Alternative bacteriophage life cycles: the carrier state of Campylobacter jejuni
Siringan, Patcharin; Connerton, Phillippa L.; Cummmings, Nicola J.; Connerton, Ian F.
Phillippa L. Connerton firstname.lastname@example.org
Nicola J. Cummmings email@example.com
Ian F. Connerton firstname.lastname@example.org
Members of the genus Campylobacter are frequently responsible for human enteric disease, often through consumption of contaminated poultry products. Bacteriophages are viruses that have the potential to control pathogenic bacteria, but understanding their complex life cycles is key to their successful exploitation. Treatment of Campylobacter jejuni biofilms with bacteriophages led to the discovery that phages had established a relationship with their hosts typical of the carrier state life cycle (CSLC), where bacteria and bacteriophages remain associated in equilibrium. Significant phenotypic changes include improved aerotolerance under nutrient-limited conditions that would confer an advantage to survive in extra-intestinal environments, but a lack in motility eliminated their ability to colonize chickens. Under these circumstances, phages can remain associated with a compatible host and continue to produce free virions to prospect for new hosts. Moreover, we demonstrate that CSLC host bacteria can act as expendable vehicles for the delivery of bacteriophages to new host bacteria within pre-colonized chickens. The CSLC represents an important phase in the ecology of Campylobacter bacteriophage.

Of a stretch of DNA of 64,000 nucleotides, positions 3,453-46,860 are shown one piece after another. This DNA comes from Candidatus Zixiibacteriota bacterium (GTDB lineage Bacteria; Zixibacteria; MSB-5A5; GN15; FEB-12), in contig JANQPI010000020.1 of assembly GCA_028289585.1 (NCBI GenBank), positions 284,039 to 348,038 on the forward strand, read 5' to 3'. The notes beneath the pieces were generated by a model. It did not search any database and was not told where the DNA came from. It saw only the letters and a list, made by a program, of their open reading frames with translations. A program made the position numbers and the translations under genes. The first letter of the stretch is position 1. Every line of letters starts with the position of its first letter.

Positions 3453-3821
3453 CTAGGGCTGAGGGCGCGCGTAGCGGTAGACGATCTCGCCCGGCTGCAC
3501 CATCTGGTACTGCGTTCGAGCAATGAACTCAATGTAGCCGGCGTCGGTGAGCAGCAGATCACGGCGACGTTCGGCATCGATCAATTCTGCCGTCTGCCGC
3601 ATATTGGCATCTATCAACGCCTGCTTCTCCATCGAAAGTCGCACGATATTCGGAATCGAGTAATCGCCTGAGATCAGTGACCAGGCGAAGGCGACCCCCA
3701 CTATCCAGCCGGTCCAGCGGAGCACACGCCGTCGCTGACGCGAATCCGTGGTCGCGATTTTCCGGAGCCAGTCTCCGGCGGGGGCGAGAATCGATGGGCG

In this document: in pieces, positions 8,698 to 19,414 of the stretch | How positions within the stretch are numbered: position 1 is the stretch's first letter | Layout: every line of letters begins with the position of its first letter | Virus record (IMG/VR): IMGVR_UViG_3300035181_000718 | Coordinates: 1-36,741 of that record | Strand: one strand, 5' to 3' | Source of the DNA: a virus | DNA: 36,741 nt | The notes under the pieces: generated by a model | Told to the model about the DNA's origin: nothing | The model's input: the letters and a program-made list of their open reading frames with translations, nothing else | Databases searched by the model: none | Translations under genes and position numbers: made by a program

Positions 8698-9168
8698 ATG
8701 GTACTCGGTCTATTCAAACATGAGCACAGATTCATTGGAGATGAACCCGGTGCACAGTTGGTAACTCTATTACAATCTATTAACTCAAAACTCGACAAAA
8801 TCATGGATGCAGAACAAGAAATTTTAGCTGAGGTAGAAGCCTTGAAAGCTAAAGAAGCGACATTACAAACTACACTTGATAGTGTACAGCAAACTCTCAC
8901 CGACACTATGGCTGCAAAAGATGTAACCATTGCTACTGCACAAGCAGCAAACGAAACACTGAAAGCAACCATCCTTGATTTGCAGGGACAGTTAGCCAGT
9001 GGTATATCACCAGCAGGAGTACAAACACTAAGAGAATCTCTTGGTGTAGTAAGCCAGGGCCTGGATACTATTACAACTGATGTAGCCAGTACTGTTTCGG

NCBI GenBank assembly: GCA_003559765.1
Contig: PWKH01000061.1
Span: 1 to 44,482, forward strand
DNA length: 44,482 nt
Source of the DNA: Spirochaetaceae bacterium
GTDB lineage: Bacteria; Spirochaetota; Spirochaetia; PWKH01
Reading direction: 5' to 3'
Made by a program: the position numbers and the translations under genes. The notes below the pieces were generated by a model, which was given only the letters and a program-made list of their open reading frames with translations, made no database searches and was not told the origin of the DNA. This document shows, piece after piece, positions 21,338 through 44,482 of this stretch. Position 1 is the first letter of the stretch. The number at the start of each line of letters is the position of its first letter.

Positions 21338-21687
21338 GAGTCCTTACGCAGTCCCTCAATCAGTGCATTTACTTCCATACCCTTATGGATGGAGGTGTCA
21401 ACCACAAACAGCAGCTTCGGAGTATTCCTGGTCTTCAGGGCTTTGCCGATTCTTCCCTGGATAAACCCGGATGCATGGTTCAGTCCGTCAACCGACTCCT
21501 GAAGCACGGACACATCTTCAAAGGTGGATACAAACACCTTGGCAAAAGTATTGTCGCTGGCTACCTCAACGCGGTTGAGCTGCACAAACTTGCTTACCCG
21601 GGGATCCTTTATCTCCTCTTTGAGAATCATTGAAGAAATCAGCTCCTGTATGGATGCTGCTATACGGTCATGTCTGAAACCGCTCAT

|Journal Article Type||Article|
|Publication Date||Mar 26, 2014|
|Publisher||Royal Society, The|
|Peer Reviewed||Peer Reviewed|
|Institution Citation||Siringan, P., Connerton, P. L., Cummmings, N. J., & Connerton, I. F. (2014). Alternative bacteriophage life cycles: the carrier state of Campylobacter jejuni. Open Biology, 4(3), doi:10.1098/rsob.130200|
|Copyright Statement||Copyright information regarding this work can be found at the following address: http://creativecommons.org/licenses/by/4.0|
Copyright information regarding this work can be found at the following address: http://creativecommons.org/licenses/by/4.0